Ms. Campbell reveals not only her versatility in this work, as each setting is diverse and vivid, but also demonstrates her ability to draw the reader in with life situations that unwittingly cause us to question our own intentions and motives. Each tale the author weaves could easily be a situation in which any of us could find ourselves. We may not have made their decisions, but we have certainly thought those same thoughts. We have struggled with the same pain, and we have answered the same questions.
RJS Book Review
It’s been a while since I did a book review, and I’m changing up the style a bit. The suns were fun and really great, but I found with a rating system of one through five suns that I wasn’t always able to accurately reflect how I felt about a particular work. In moving to a grading system (A+ through F), I can be much more precise about what does and does not work for me about a book and/or movie. So buckle up and enjoy because here we go again!
I’ve reviewed short story collections before, but I tend to avoid them. Primarily because short stories are hard to write successfully. (I should know; I still write them.) The criteria is broad, but essentially there’s only one rule: tell the story quickly enough that the reader can finish it in one sitting. Do you know how difficult it is to grip a reader in ten pages or less? You can say too much and end up with a novella or say too little and the work falls flat. They say novel writing is an acquired skill; well, short story writing is a gift, the pinnacle of the art. A short story must not only capture your attention, but it must move you. It should leave you contemplating something by its end. This is not easily accomplished.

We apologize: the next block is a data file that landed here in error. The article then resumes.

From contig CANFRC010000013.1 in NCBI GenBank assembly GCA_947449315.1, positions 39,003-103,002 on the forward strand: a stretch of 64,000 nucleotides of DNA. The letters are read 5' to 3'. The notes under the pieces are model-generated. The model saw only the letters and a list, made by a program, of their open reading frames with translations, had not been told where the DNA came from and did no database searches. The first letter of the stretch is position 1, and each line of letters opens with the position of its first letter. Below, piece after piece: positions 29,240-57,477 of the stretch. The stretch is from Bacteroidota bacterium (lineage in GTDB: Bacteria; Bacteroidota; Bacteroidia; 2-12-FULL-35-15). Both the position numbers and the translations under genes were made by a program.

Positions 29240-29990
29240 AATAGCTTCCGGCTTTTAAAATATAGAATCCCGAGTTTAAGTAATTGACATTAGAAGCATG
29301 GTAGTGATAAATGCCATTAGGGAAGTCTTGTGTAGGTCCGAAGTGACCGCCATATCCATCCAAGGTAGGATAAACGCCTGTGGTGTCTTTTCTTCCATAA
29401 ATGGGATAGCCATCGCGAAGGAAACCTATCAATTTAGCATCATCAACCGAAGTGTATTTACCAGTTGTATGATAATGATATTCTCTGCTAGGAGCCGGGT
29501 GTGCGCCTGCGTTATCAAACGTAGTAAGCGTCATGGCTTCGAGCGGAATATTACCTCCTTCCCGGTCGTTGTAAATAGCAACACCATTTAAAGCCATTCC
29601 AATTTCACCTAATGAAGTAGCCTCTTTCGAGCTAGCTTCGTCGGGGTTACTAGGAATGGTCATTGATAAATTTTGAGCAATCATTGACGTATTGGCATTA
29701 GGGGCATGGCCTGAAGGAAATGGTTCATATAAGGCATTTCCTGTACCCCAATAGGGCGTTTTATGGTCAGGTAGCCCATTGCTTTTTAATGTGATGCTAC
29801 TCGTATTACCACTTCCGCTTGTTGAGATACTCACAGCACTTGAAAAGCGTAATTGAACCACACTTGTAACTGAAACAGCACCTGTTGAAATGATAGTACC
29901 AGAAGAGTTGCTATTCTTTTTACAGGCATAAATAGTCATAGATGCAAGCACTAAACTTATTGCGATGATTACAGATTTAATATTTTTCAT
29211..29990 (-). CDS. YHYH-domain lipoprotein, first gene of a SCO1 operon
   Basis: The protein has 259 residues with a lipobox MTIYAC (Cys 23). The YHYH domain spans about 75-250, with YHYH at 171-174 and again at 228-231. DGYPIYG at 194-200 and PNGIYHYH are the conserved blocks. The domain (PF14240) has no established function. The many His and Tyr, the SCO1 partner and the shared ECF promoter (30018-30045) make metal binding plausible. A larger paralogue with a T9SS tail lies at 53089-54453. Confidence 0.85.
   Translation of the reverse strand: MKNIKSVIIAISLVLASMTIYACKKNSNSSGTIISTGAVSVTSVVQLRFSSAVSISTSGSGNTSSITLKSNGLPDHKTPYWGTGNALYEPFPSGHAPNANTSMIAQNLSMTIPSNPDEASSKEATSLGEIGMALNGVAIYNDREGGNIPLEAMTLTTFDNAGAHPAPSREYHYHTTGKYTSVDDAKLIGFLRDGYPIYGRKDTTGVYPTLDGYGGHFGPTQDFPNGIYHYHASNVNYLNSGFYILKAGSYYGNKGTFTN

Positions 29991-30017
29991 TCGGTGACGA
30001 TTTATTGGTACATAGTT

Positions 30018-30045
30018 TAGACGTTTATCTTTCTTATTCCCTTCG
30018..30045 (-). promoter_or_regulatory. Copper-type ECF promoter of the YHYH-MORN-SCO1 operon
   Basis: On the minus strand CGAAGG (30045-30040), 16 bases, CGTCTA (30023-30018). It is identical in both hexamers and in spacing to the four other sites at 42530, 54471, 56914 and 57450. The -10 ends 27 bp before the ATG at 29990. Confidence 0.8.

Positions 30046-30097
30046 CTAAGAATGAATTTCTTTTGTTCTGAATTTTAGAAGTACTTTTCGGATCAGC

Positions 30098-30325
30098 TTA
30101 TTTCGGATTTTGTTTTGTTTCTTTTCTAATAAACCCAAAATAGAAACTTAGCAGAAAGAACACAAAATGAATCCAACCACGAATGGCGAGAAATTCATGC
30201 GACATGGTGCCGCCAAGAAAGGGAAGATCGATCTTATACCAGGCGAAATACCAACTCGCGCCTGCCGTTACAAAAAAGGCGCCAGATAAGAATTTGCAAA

So it was with grave apprehension that I set out to read Leaping Out on Faith by Rochelle Campbell. The work is a compilation of four short stories, each about women in various stages of life facing major crossroad decisions. “The Green Years” introduces us to Sarah, a high school freshman grappling with a broken heart. The language is simple, and Sarah thinks the way a high schooler would, a credit to the author who captured the adolescent mind brilliantly in this story. But perhaps it was why I found it so difficult to identify with the young girl. Now in my thirties, high school feels so far away and its problems so trivial.
Sally, however, turned out to be a woman I remember from days long past. There is nothing in the world like waking up in your fairy tale only to find that your nightmarish past has caught up with you. In “Chambray Curtains Blowing in the Wind”, the action plays out quickly and believably as Sally fights for her life and self-control. “Knocking at the Door” reveals a nameless heroine, but probably the most thought-provoking piece in the collection. As the stranger raps incessantly at the door, flashbacks of a love estranged plagues our heroine’s mind–and heart as she decides whether or not she should answer. Salera from “All God’s Men” must determine if love can truly outweigh religious and cultural differences, a question many women at some time or another must have answered.
I would have liked a subtitle. It would have assisted with knowing this book was a short story compilation rather than a novel. I could have done without “The Green Years”, and ultimately, it may have been better not to lead with this story. And I wanted more stories, a longer work. It is clear Ms. Campbell possesses the know-how; I simply wanted maybe two or three more stories to fill the compilation out more.
I was pleasantly surprised by Leaping Out on Faith, and I’m glad I stepped out on mine to read it. I’m sure you will be, too.